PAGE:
Peptic ulcer

Peptic ulcer is an ulcer in the lining of the stomach or duodenum. 


Symptoms may vary, but many suffer from upper abdominal pain. It is usually caused by Helicobacter pylori (H. pylori) bacteria or certain drugs and is treated with antibiotics or other medicines. Roughly one in ten adults suffers from stomach ulcers at some point in their lives.


If the mucous membrane is weakened in the stomach or duodenum, an ulcer can be formed. If there is not enough protective mucus, then the stomach acid together with the enzyme pepsin can create ulcers. Often this occurs due to an infection caused by H. pylori bacteria. But ulcers can also be caused by corticosteroids or non-steroidal anti-inflammatory drugs. Smoking also dramatically increases the risk of peptic ulcers. In some cases, there is no clear explanation.


A bleeding or perforated ulcer means that the wound has passed through the wall of the mucous membrane and there is a risk that the contents will leak into the abdomen.


Peptic ulcers can be felt in different ways and either cause diffuse symptoms that come and go or acute abdominal pain. In mild cases, you can have pain in the middle of your upper abdomen. Heartburn (acid reflux), nausea and vomiting are also common.


Weight loss and difficulty swallowing can also occur and need to be investigated. In the case of bleeding or a perforated ulcer, the process is rapid and the pain is intense. In this case you need to seek urgent care.


Acute symptoms of bleeding ulcer:


  • severe abdominal pain in the upper abdomen
  • bloody or “coffee ground” vomiting
  • black stools or blood in the stool
  • hard and tight stomach
  • fever and general weakness.


Remember that abdominal pain and nausea do not necessarily mean that you have an ulcer. Gastritis and IBS can cause similar symptoms, but often in a milder form. Peptic ulcers cause persistent symptoms that usually worsen over time or become acute.

Prevention and protection

At pharmacies you can purchase non-prescription drugs that reduce or neutralize stomach acid and relieve symptoms if you have heartburn and stomach pain. If the treatment does not help and you suspect that you have had a peptic ulcer, you need to consult a doctor.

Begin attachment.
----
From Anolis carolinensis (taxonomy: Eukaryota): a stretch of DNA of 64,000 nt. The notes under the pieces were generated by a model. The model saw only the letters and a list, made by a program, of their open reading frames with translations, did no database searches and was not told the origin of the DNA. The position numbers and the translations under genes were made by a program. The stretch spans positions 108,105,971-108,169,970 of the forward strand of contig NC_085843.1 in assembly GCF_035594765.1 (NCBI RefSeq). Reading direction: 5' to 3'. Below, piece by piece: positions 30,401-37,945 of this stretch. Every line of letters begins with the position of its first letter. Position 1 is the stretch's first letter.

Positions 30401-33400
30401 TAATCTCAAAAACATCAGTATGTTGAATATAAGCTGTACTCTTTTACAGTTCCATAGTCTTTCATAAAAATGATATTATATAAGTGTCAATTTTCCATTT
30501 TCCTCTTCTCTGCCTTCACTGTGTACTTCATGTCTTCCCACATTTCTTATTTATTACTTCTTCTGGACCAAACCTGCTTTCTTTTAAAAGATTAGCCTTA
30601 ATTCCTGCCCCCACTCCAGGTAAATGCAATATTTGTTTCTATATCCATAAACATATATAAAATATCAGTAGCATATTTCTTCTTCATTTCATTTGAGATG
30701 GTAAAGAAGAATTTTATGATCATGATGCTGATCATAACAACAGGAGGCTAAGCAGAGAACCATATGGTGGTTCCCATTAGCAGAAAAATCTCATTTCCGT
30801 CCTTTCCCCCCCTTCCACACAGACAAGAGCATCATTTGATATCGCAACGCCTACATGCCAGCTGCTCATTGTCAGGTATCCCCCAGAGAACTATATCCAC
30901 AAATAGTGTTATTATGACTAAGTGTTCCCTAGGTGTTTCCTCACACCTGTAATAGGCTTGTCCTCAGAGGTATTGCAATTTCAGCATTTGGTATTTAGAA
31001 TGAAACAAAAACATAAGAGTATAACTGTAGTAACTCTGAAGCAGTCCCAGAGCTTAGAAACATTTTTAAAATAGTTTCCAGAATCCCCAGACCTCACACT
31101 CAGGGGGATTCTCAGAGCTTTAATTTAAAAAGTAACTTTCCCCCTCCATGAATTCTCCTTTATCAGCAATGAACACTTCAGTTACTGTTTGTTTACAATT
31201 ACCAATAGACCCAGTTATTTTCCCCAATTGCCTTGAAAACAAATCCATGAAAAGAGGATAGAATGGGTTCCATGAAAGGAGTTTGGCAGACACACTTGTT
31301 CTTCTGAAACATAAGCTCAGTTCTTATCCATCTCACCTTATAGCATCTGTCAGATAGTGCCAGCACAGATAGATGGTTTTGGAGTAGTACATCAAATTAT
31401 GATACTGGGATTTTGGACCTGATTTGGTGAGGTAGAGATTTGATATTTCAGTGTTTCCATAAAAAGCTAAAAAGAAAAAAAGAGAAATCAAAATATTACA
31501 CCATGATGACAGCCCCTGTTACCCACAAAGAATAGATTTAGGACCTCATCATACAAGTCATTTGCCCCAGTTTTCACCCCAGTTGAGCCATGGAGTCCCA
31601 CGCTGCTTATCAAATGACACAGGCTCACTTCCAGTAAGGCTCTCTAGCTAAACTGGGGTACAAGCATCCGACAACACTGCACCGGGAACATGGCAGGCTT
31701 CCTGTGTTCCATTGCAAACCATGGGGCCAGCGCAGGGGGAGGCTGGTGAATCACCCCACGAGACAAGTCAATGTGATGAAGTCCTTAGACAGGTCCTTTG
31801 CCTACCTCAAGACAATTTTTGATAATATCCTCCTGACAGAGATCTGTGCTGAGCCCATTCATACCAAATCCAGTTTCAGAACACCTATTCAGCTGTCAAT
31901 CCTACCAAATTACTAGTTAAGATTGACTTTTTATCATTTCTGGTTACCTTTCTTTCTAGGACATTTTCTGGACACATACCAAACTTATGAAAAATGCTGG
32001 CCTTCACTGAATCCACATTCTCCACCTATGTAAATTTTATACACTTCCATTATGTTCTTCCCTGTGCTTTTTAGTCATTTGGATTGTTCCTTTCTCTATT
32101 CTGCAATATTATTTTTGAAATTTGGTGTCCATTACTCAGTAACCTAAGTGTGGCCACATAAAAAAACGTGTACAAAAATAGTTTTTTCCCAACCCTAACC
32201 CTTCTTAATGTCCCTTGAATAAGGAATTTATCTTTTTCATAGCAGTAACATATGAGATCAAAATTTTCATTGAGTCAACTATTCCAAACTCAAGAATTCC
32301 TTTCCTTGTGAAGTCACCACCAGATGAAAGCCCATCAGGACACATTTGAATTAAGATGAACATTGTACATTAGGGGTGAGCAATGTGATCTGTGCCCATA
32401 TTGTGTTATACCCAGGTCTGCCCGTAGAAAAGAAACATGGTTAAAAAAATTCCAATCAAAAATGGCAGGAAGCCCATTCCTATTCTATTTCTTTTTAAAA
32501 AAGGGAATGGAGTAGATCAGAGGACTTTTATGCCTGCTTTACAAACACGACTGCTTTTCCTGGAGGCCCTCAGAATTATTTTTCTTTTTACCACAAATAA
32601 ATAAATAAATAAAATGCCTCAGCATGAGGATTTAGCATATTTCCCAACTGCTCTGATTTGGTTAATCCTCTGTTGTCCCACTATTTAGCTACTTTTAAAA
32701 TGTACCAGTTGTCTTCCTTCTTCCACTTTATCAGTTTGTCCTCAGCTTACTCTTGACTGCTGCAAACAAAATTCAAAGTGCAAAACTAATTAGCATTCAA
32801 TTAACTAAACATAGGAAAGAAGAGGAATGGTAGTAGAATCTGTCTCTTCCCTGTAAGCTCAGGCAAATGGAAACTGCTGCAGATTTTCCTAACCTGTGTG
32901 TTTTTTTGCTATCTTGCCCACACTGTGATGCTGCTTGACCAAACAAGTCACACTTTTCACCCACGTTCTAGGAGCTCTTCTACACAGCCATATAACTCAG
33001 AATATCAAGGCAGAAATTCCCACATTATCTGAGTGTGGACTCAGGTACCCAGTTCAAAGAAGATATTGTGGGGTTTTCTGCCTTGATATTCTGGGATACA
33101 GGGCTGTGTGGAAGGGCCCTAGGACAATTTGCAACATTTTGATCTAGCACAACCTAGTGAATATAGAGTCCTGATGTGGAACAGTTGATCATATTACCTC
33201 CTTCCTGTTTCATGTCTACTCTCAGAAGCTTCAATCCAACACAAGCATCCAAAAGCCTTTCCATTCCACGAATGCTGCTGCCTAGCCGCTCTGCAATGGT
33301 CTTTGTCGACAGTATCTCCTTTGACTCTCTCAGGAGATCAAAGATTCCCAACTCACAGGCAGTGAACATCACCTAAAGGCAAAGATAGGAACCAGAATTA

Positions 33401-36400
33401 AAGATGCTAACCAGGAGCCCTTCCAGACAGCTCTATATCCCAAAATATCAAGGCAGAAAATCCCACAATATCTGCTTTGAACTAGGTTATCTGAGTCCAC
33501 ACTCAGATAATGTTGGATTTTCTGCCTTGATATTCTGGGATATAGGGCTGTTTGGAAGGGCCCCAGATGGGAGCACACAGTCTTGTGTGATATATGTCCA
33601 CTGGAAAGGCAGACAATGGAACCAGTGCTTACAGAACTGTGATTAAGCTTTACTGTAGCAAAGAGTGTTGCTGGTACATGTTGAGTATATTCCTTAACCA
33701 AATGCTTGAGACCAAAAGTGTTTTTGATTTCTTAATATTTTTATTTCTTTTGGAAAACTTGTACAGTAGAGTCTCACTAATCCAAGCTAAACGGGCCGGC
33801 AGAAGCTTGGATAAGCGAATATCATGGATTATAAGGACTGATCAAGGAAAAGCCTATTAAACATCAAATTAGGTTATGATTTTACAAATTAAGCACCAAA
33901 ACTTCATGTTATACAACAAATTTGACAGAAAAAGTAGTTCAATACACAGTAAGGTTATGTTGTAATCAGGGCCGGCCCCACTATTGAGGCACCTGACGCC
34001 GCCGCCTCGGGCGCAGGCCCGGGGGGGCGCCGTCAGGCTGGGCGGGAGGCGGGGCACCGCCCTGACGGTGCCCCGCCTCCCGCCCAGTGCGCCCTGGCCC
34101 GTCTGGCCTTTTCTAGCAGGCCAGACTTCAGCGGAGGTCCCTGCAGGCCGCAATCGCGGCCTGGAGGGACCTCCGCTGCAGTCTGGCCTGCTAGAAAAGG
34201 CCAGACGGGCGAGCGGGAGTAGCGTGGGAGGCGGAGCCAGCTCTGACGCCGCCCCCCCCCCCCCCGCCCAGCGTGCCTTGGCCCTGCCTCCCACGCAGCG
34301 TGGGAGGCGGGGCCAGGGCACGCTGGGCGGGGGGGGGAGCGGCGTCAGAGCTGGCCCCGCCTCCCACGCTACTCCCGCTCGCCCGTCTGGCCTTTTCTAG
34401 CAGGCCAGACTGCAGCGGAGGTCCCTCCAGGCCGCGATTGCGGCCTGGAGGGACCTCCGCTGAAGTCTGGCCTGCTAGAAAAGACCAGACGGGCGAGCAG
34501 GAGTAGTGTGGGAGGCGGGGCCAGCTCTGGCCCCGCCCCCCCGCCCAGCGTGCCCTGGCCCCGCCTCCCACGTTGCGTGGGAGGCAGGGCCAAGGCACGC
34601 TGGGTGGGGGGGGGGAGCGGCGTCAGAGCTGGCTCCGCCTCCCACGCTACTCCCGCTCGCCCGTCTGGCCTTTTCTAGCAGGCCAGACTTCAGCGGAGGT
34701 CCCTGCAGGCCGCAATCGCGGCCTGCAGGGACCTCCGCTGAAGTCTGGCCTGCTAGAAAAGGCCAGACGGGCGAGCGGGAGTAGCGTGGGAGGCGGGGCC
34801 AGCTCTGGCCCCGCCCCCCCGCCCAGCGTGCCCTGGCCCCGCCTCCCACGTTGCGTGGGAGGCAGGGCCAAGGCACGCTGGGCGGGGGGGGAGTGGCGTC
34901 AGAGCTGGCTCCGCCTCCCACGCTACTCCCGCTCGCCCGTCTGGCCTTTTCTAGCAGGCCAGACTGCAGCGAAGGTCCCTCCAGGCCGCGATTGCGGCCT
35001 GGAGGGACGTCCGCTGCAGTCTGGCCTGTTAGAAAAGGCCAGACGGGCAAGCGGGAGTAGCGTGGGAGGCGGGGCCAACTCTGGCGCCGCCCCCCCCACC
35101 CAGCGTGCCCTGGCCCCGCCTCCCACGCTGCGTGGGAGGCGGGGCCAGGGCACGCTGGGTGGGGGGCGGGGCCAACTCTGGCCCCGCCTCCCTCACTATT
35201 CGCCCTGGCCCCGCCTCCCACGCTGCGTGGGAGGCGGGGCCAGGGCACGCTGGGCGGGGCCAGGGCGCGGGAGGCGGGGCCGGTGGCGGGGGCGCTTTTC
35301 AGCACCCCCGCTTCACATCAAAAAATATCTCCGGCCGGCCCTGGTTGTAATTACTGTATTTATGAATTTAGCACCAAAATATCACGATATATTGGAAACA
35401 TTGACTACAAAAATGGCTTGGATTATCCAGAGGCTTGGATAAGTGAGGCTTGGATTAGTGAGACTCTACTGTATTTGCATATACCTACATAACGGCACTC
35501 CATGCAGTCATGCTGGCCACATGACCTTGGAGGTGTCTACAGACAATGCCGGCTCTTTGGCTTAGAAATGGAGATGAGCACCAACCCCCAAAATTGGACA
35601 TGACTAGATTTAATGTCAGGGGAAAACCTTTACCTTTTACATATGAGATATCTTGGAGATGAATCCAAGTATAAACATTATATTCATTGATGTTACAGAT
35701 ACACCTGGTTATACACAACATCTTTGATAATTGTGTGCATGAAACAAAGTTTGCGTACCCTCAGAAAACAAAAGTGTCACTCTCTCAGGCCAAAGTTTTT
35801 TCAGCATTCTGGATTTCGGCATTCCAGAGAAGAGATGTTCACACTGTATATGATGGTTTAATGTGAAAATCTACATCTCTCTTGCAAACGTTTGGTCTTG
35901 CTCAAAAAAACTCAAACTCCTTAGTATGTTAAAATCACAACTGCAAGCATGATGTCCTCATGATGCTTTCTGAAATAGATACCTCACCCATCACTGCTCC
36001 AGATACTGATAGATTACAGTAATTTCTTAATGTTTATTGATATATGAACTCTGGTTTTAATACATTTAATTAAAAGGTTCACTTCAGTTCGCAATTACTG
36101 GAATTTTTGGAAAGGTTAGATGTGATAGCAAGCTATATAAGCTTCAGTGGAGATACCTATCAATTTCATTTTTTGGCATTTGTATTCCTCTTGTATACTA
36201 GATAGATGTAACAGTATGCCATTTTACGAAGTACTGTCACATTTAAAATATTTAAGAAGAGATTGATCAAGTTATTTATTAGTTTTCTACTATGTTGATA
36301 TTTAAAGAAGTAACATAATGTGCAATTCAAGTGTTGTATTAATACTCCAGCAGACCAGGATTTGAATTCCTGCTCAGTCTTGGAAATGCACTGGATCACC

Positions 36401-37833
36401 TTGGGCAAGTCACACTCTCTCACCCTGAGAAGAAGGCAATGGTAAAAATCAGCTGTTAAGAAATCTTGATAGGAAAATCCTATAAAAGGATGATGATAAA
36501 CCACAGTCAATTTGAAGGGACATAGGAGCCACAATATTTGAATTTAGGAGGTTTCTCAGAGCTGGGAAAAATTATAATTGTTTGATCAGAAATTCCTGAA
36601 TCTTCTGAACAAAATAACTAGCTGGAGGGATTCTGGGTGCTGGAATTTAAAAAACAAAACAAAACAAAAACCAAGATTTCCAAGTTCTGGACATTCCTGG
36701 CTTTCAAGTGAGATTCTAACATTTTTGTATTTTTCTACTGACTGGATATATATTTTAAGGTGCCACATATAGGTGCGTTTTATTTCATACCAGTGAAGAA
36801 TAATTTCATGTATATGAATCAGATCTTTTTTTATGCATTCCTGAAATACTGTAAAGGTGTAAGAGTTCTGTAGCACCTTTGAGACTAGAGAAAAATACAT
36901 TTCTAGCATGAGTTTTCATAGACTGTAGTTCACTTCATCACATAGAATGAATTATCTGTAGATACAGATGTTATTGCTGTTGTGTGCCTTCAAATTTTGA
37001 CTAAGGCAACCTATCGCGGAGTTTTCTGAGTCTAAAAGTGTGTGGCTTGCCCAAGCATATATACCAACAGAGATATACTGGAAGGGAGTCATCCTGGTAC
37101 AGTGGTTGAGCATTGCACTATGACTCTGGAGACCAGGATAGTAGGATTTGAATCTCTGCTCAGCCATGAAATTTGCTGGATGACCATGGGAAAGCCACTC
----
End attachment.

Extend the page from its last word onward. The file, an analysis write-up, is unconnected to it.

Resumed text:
Reduce the risk of stomach ulcers by avoiding:


  • smoking
  • alcohol
  • coffee
  • heavily spiced and deep fried food
  • anti-inflammatory drugs.


To diagnose a peptic ulcer, a medical examination is required. It involves an examination of the gastrointestinal tract with the help of esophagogastroduodenoscopy. Stomach ulcers caused by bacteria are treated with antibiotics and proton-pump inhibitors. If the stomach ulcer is caused by medicines, the doctor will change the treatment and often also prescribe proton-pump inhibitors.

When to consult a doctor

If you think you have a stomach ulcer, you should contact your health care provider. Consult a doctor if you have had peptic ulcer before and have new symptoms.


If you have difficulty swallowing or involuntarily lose weight, you should seek care. If you have acute pain in the upper abdomen, black stools, bloody or coffee ground vomiting, seek emergency help.

How APPOTEK can help

As long as symptoms do not require emergency care, APPOTEK can help you with peptic ulcers. A nurse or a doctor will make an individual assessment based on your symptoms during the care meeting. You can then be prescribed medicines or referred for further treatment. This type of abdominal pain usually requires a physical examination.


Valeria Chernikova, Neurologist, M.D.